The Spanish electorate is to be asked to go to the polls for the fourth time in as many years in an attempt to break the political deadlock following the last elections in April.
The April elections left the socialist PSOE as the largest party, but well short of the seats it needed to rule on its own. Since then, its leader, and acting PM, Pedro Sanchez, has been attempting to form a coalition administration, but, ultimately, to no avail.
The new poll will take place on 10th November 2019, but it remains to be seen if it will resolve the deadlock. Until now, the Citizens’ party has refused to consider a coalition with PSOE; PSOE will not work with Unidas Podemos, a far-left anti-austerity alliance.
The People’s Party (PP), a conservative grouping, is predicted to be the second largest party behind PSOE in the November poll, gaining more seats than in April’s vote, probably at the expense of the Citizens’ party which is likely to lose between 19 and 23 seats, according to opinion polling. Traditionally, the political right in Spain voted for PP, but its vote has been split by a rightwards movement of the Citizens’ Party and the emergence of a far-right movement, Vox Party.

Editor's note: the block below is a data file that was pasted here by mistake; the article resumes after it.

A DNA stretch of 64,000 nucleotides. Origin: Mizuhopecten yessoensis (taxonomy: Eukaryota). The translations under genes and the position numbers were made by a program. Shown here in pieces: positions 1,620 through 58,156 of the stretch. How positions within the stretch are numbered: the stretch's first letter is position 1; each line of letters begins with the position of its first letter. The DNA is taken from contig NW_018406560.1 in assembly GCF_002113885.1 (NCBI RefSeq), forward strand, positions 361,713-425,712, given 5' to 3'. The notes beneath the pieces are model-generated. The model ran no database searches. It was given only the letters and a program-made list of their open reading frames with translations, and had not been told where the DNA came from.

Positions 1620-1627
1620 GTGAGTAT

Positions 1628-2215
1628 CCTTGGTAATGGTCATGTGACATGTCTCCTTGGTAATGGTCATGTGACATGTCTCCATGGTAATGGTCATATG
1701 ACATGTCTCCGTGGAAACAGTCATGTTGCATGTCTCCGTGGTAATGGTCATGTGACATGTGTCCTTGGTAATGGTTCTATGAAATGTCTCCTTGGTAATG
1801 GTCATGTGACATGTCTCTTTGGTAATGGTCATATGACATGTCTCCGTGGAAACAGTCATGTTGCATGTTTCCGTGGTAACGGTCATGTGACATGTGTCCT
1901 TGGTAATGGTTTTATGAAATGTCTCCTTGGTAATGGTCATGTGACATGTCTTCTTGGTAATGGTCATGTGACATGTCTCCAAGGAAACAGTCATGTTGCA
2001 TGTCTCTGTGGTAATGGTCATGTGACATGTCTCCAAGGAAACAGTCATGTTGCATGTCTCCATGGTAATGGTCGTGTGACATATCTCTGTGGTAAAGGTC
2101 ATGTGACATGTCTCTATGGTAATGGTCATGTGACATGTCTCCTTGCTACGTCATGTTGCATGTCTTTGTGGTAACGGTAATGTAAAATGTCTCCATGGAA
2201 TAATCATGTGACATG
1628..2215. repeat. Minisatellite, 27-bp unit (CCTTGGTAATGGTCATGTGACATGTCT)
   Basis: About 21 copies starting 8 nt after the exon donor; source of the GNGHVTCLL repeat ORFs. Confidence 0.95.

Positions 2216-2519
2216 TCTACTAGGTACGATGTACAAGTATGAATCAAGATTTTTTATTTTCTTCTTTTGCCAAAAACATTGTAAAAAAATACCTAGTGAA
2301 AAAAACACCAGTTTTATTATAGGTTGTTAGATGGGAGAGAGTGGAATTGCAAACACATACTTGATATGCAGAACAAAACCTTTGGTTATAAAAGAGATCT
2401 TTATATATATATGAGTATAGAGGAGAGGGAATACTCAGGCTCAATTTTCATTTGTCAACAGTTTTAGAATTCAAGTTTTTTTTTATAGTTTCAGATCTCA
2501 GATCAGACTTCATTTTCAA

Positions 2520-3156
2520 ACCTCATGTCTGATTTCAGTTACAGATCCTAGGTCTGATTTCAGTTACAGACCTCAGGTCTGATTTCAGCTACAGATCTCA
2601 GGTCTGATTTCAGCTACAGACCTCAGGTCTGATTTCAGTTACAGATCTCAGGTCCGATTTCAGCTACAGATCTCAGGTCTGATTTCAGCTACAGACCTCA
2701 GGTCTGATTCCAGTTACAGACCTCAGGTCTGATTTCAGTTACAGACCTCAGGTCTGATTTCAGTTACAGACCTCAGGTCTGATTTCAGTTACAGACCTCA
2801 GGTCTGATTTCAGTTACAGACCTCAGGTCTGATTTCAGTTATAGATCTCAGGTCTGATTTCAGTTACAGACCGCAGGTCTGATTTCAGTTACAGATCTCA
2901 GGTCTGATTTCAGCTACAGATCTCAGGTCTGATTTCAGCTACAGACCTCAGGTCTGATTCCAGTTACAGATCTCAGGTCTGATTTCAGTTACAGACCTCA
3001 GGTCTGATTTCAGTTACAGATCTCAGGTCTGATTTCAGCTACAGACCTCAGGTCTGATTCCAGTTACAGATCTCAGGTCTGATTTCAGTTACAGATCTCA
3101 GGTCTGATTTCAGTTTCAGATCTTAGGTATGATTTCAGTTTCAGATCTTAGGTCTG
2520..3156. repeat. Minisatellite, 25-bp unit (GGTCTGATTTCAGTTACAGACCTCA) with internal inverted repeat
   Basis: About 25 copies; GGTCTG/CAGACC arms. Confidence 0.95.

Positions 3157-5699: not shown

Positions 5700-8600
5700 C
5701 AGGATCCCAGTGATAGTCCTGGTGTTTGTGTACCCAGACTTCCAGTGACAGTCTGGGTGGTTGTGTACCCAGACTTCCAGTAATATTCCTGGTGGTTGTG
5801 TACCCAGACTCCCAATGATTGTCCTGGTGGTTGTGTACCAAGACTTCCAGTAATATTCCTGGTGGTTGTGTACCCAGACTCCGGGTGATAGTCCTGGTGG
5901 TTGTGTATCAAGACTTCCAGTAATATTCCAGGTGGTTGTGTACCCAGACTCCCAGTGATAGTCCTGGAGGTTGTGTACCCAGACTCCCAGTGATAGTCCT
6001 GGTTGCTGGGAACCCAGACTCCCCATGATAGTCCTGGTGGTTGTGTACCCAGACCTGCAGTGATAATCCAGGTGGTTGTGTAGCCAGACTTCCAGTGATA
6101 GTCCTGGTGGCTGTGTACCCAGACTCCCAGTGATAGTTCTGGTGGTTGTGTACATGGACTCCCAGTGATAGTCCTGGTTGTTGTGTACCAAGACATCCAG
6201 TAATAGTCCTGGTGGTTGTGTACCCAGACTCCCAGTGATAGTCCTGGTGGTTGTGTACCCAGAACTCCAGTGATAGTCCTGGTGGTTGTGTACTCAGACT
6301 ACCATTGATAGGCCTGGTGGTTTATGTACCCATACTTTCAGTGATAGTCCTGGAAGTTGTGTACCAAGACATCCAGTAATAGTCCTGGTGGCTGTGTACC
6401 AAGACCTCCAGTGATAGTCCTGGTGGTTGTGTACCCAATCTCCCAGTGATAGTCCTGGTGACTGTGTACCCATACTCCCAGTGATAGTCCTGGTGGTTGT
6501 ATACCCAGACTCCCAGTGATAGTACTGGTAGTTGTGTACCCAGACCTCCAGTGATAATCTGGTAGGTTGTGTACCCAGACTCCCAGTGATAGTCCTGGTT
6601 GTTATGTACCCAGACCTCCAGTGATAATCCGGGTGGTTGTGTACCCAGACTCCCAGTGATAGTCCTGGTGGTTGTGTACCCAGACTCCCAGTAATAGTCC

Spain has the fourth largest economy in the Eurozone, behind Germany, France and Italy. Inflation in the country is running at 0.3%, well below the ECB target figure (for the Eurozone as a whole) of 2%. Unemployment in Spain remains well above the Eurozone average of 7.5%, standing at 14%, but it has almost halved from a level of 26.9% in Q1 2013. Spain was badly hit by the Global Financial Crisis which triggered a real estate crash, and by the European Sovereign Debt Crisis which saw Spain having to ask for a bailout of its financial sector (although it avoided the need to follow Greece and Ireland into a full-blown sovereign debt bailout involving the Eurozone and IMF).